Douglas Owsley, the division head for physical anthropology at the Smithsonian’s National Museum of Natural History, presented today a forensic analysis of 17th-century human remains proving that survival cannibalism took place in historic Jamestown. The findings answer a long-standing question among historians about the occurrence of cannibalism at Jamestown during the deadly winter of 1609–1610 known as the “starving time”—a period during which about 80 percent of the colonists died. The announcement was made with chief archeologist William Kelso from the Jamestown Rediscovery Project at Preservation Virginia, and historian James Horn, vice president of research and historical interpretation at Colonial Williamsburg; each expert provided context about the discovery and the history of the site.
Owsley has worked closely with Kelso and his team of archaeologists since 1996, examining skeletal remains to help researchers understand the lives of individual colonial settlers in the Chesapeake. This particular incomplete human skull and tibia (shin bone) were excavated by Jamestown archeologists in 2012 as part of a 20-year excavation of James Fort. The remains were unusual due to their location and extensive fragmentation, so Kelso approached the Smithsonian’s forensic anthropologist for a comprehensive analysis.
Owsley and his research team identified a number of features on the skull and tibia that indicated the individual was cannibalized. Four shallow chops to the forehead represent a failed first attempt to open the skull. The back of the head was then struck by a series of deep, forceful chops from a small hatchet or cleaver. The final blow split the cranium open. Sharp cuts and punctures mark the sides and bottom of the mandible, reflecting efforts to remove tissue from the face and throat using a knife.
“The desperation and overwhelming circumstances faced by the James Fort colonists during the winter of 1609–1610 are reflected in the postmortem treatment of this girl’s body,” said Owsley. “The recovered bone fragments have unusually patterned cuts and chops that reflect tentativeness, trial and complete lack of experience in butchering animal remains. Nevertheless, the clear intent was to dismember the body, removing the brain and flesh from the face for consumption.”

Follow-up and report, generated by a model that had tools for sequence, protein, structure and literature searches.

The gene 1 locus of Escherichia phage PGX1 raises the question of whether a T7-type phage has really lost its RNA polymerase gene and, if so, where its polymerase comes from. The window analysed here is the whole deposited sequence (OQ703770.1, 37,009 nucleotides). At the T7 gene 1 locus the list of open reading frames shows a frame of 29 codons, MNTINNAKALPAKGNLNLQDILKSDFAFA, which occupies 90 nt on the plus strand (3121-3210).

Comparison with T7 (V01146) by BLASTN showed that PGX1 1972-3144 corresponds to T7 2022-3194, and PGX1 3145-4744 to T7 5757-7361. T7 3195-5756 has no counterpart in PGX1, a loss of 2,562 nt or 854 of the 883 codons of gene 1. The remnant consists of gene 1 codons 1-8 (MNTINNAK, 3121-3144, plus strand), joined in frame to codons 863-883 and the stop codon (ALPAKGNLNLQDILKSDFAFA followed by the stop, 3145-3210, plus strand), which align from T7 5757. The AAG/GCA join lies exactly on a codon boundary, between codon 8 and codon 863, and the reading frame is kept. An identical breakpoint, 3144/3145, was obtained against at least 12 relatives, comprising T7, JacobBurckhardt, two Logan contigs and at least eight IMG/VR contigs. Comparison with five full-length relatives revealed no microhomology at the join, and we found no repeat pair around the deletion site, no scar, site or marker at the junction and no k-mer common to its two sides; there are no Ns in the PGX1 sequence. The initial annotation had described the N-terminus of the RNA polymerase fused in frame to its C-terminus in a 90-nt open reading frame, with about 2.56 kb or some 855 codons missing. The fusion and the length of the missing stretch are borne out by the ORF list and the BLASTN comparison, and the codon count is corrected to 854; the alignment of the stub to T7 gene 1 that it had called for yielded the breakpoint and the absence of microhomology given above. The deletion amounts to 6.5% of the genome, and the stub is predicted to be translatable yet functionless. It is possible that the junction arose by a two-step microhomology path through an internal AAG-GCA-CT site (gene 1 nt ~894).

Through specialized scientific analyses, Smithsonian scientists determined details about the life and story of this 14-year-old girl from England. By analyzing the dental development of the third molar and the growth stage of her shin bone, the research team determined that “Jane” was approximately 14 years old when she died. The cause of death could not be determined from the remains, estimated to be less than 10 percent of the complete skeleton.
Through a combination of digital and medical technologies, Smithsonian researchers led the effort to reconstruct the girl’s likeness through forensic facial reconstruction. After scanning the incomplete remains of the fragmented skull with the museum’s CT scanner, a virtual model of the skull was pieced together digitally. This digital rendering was sent to the Medical Modeling company to print a three-dimensional replica of the reconstructed skull. Finally, StudioEIS, in Brooklyn, N.Y., worked with Smithsonian scientists to create a forensic facial reconstruction of the girl’s likeness.
On May 3, the facial reconstruction will be on display in the National Museum of Natural History’s popular “Written in Bone: Forensic Files of the 17th Century Chesapeake” exhibition, alongside other materials and information about Smithsonian forensic science. The skeletal remains will be on display at Historic Jamestowne near the discovery site on Jamestown Island.
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